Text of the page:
Bachmann has the most to gain from Huckabee’s withdrawal. Polling shows that the Tea Party types and the evangelicals are more or less the same people. With Mike out, Michele has a clear shot at their support (once they get over Herman Cain and Ron Paul, neither of whom can win — and Paul shouldn’t win). As the odd-woman-out dissenting from the Boehner deals with Obama, holding out for fiscal conservatism and tough Republican bargaining, she can pick up a lot of ground in a hurry.

    Gingrich’s announcement puts the onus on him to dispel the negatives that dog his campaign. All agree that he would be the best opponent to Obama in a debate and that he is the brightest, best candidate would have. But many are scared off because of the negatives. He has six months to show them that they are wrong.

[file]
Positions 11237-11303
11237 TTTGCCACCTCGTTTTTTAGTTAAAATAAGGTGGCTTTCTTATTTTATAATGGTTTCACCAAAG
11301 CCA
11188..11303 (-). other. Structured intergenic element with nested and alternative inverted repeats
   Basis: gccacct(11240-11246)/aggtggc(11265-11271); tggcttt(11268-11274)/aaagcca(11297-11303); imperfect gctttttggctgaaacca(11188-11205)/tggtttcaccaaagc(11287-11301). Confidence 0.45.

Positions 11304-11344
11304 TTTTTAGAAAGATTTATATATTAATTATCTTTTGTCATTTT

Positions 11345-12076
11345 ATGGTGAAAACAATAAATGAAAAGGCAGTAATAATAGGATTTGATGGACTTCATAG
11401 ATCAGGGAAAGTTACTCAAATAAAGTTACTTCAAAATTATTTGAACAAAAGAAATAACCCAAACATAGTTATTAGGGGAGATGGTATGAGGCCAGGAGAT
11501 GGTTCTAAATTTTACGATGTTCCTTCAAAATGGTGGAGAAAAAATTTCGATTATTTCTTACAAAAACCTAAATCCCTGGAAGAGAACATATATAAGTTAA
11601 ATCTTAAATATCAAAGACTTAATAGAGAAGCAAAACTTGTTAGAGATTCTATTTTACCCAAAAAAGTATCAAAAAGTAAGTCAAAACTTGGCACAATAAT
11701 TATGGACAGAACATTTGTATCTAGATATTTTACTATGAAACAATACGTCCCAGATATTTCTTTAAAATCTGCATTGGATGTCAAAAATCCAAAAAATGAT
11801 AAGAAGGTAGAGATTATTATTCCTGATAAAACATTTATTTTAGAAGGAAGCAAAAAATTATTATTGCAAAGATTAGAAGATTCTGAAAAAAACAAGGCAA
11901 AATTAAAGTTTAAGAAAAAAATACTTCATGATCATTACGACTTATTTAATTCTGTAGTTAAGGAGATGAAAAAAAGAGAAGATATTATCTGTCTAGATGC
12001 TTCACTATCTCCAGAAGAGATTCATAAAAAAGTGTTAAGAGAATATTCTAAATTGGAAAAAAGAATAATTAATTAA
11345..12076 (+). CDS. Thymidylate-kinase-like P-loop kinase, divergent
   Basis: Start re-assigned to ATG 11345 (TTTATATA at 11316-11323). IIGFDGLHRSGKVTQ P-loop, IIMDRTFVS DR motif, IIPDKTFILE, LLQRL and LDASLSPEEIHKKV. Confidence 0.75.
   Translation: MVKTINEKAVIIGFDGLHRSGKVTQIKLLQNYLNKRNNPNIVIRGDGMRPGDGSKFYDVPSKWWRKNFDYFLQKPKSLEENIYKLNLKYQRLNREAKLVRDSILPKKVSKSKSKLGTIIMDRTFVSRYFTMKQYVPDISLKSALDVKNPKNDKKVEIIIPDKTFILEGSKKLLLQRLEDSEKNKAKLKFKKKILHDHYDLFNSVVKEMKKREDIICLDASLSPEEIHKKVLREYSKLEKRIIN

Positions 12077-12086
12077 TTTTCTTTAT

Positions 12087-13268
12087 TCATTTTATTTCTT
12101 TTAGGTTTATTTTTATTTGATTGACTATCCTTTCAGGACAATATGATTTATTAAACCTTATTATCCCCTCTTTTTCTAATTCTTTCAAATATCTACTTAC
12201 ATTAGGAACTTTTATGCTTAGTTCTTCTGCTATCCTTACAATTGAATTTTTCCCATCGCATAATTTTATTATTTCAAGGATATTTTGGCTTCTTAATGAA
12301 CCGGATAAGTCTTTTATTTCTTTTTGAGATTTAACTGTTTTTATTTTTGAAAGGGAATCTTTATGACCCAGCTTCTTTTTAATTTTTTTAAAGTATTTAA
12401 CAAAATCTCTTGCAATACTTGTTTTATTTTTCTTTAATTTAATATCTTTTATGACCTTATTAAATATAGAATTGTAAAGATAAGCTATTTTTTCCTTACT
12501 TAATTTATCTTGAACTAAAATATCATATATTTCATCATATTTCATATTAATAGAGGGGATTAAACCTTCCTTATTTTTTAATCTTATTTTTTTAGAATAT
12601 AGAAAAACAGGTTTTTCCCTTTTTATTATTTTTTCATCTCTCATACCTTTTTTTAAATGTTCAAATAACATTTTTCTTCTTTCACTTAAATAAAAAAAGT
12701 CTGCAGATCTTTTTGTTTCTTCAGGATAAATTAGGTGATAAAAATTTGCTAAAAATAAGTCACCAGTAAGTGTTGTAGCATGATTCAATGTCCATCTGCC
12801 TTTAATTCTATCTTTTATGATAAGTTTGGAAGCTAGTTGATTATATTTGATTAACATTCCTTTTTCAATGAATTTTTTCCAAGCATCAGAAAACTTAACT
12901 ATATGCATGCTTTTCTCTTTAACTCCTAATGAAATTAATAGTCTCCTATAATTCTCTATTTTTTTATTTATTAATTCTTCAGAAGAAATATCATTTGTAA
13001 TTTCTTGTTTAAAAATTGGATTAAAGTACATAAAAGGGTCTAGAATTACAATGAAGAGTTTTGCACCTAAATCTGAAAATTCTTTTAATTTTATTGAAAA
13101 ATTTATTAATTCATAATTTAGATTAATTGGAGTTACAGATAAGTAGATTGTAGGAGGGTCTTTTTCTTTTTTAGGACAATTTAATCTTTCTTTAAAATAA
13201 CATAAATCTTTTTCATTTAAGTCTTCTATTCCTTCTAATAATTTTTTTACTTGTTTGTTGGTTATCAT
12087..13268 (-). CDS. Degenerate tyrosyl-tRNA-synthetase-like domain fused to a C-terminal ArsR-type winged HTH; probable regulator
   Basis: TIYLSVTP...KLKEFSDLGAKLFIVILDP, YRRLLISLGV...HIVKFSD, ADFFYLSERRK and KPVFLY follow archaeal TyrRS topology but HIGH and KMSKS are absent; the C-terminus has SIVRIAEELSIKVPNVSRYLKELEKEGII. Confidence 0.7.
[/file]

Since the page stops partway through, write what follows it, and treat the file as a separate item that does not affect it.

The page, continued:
And then there is Mitch Daniels, potentially, the conservative establishment’s answer to Romney. Despite an absence of charisma, his extraordinary record as governor puts him right in the thick of the hunt for the nomination. He, along with his supporters (Scott Walker of Wisconsin, Chris Christie of New Jersey, and John Kasich of Ohio), have walked the walk not just talked the talk. His candidacy is a most attractive one.

    And, if Sarah Palin decides to come in now, I would say the battle for the social conservatives will really heat up.

    Newt Gingrich with his personal baggage should be used as a foil against Obama but he is unelectable – too old and too damaged.

    Mitt Romney will have to compete in Iowa and will probably take a loss there even with Huckabee not in the race. Romney will be vulnerable in South Carolina too –then on to Florida.